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Here’s one way in which I’m glad small newspapers like this one are not aping our bigger siblings in metropolitan areas: We’re not throwing bodies overboard in order to satisfy profit demands of investor owners. I just finished reading two more stories in a succession that has become familiar. Across the nation, large papers are finding themselves unable to meet income targets, and owners are responding by forcing them to shed employees. All too often, that results in papers that are less desirable to readers, who stop buying them, thereby forcing earnings even lower and … You get the idea. And it isn’t just newspaper employees who are noticing. In Los Angeles and St. Louis, community leaders have publicly protested the decline of what were once vital civic organs, Rob Gurwitt reports for Governing magazine — Jim Fisher/Lewiston Tribune.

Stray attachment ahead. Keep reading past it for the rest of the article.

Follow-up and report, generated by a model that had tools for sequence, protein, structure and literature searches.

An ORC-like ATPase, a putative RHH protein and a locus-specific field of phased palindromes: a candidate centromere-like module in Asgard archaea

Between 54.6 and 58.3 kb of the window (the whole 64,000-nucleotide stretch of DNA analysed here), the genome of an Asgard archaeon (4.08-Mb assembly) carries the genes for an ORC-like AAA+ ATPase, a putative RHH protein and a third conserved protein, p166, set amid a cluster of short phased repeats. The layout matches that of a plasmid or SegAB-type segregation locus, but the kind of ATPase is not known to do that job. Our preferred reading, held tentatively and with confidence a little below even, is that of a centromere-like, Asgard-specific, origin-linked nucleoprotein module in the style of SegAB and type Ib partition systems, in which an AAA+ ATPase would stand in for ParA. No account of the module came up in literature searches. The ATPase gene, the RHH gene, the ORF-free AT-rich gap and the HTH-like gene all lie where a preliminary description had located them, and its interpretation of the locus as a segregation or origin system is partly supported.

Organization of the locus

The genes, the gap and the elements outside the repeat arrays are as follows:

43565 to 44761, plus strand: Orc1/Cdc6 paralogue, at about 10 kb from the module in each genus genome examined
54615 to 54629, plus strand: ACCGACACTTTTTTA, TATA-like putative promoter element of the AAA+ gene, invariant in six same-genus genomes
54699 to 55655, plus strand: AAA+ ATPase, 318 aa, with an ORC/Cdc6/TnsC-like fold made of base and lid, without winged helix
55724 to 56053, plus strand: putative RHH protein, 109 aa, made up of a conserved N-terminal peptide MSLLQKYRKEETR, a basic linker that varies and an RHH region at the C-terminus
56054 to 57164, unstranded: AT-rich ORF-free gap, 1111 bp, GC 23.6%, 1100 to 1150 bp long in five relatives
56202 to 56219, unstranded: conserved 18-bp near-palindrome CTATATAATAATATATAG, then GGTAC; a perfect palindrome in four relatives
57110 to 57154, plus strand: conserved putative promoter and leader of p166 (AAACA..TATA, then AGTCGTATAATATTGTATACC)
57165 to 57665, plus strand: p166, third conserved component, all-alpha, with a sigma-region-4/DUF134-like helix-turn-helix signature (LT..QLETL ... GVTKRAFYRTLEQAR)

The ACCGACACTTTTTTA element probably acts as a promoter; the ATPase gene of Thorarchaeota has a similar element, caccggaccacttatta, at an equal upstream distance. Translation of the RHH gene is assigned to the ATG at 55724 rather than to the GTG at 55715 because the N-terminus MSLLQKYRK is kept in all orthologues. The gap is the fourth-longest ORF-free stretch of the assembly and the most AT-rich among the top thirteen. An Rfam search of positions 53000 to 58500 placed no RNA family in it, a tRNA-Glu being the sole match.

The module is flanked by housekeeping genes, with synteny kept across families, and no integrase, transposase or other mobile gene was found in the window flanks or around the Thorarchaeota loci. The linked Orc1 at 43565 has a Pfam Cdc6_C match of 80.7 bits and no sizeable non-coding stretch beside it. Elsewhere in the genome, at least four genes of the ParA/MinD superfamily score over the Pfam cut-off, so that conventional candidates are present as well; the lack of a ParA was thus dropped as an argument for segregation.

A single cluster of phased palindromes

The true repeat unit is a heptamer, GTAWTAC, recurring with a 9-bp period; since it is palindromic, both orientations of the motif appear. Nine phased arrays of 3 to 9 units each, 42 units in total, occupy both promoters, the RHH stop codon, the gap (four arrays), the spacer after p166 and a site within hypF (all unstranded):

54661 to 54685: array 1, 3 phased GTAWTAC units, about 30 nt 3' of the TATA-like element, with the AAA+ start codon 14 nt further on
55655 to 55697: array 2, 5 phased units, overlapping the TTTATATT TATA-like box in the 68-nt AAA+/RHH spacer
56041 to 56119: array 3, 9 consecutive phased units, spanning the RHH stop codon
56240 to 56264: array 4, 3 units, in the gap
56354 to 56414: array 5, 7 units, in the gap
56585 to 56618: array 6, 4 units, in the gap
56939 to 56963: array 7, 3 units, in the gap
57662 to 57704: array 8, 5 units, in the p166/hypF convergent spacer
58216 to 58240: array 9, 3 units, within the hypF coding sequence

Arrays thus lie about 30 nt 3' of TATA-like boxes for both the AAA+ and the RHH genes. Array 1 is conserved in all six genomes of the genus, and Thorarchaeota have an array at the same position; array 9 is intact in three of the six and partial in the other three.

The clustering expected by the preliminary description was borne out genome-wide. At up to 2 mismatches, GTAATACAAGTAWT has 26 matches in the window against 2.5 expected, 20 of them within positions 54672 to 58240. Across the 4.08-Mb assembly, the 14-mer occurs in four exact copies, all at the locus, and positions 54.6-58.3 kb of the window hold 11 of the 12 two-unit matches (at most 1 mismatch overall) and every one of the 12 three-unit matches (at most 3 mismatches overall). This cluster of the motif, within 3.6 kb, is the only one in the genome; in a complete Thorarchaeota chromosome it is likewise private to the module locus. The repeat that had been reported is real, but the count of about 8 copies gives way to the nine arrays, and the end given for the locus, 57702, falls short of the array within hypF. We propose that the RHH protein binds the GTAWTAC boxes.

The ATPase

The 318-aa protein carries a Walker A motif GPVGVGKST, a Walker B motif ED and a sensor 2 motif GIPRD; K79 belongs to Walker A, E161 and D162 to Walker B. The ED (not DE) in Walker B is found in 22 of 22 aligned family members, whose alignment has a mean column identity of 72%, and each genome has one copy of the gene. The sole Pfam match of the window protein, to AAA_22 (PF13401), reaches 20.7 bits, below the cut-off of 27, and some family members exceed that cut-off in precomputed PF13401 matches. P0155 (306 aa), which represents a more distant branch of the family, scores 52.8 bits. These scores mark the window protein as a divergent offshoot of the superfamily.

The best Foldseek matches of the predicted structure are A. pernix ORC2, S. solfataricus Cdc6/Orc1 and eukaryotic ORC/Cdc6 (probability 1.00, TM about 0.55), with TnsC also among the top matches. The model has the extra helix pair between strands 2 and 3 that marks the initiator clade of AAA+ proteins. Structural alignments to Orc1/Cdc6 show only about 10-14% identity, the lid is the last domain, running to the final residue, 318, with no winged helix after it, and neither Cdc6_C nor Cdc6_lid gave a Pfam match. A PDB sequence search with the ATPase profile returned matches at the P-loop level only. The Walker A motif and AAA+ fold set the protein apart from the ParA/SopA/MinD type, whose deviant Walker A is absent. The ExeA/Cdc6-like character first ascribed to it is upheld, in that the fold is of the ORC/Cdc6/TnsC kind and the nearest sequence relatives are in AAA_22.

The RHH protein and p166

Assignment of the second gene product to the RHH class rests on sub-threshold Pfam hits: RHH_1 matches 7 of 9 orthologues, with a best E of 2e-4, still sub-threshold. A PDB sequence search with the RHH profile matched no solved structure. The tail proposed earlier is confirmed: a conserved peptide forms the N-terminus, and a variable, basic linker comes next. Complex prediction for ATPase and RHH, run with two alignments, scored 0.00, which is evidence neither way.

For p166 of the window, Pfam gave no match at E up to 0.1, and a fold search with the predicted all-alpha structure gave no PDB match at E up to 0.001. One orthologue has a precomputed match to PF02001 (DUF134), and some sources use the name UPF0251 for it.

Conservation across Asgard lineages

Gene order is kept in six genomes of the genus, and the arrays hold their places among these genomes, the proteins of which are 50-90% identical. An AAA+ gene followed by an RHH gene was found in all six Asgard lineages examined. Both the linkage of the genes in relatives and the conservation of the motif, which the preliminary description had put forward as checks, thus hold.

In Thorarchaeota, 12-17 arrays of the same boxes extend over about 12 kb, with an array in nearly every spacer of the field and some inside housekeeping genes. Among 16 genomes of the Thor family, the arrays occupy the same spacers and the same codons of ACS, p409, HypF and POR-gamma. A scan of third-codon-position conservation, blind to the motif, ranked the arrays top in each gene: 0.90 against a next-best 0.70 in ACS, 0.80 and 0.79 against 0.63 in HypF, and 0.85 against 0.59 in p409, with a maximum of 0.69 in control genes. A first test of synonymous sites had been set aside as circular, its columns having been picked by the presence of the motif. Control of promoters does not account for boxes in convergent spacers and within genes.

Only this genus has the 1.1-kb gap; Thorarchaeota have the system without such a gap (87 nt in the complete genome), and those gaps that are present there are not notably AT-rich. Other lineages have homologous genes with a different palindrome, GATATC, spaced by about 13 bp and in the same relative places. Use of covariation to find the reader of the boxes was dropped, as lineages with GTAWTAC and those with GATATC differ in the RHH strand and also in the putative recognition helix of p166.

DFO: Metro newspapers will die, unless they evolve to meet the changing habits of readers. I appreciate that I work for a newspaper that has seen the future and is rapidly transforming into a 24/7 information center to survive. We’re already considered one of the nation’s leaders in online journalism. Next year, we’ll kick things into high gear. My switch to focusing even more on this blog — and training others in the organization re: how to publish a community blog — is part of that switch. We will survive. But we’ll look different in the near future.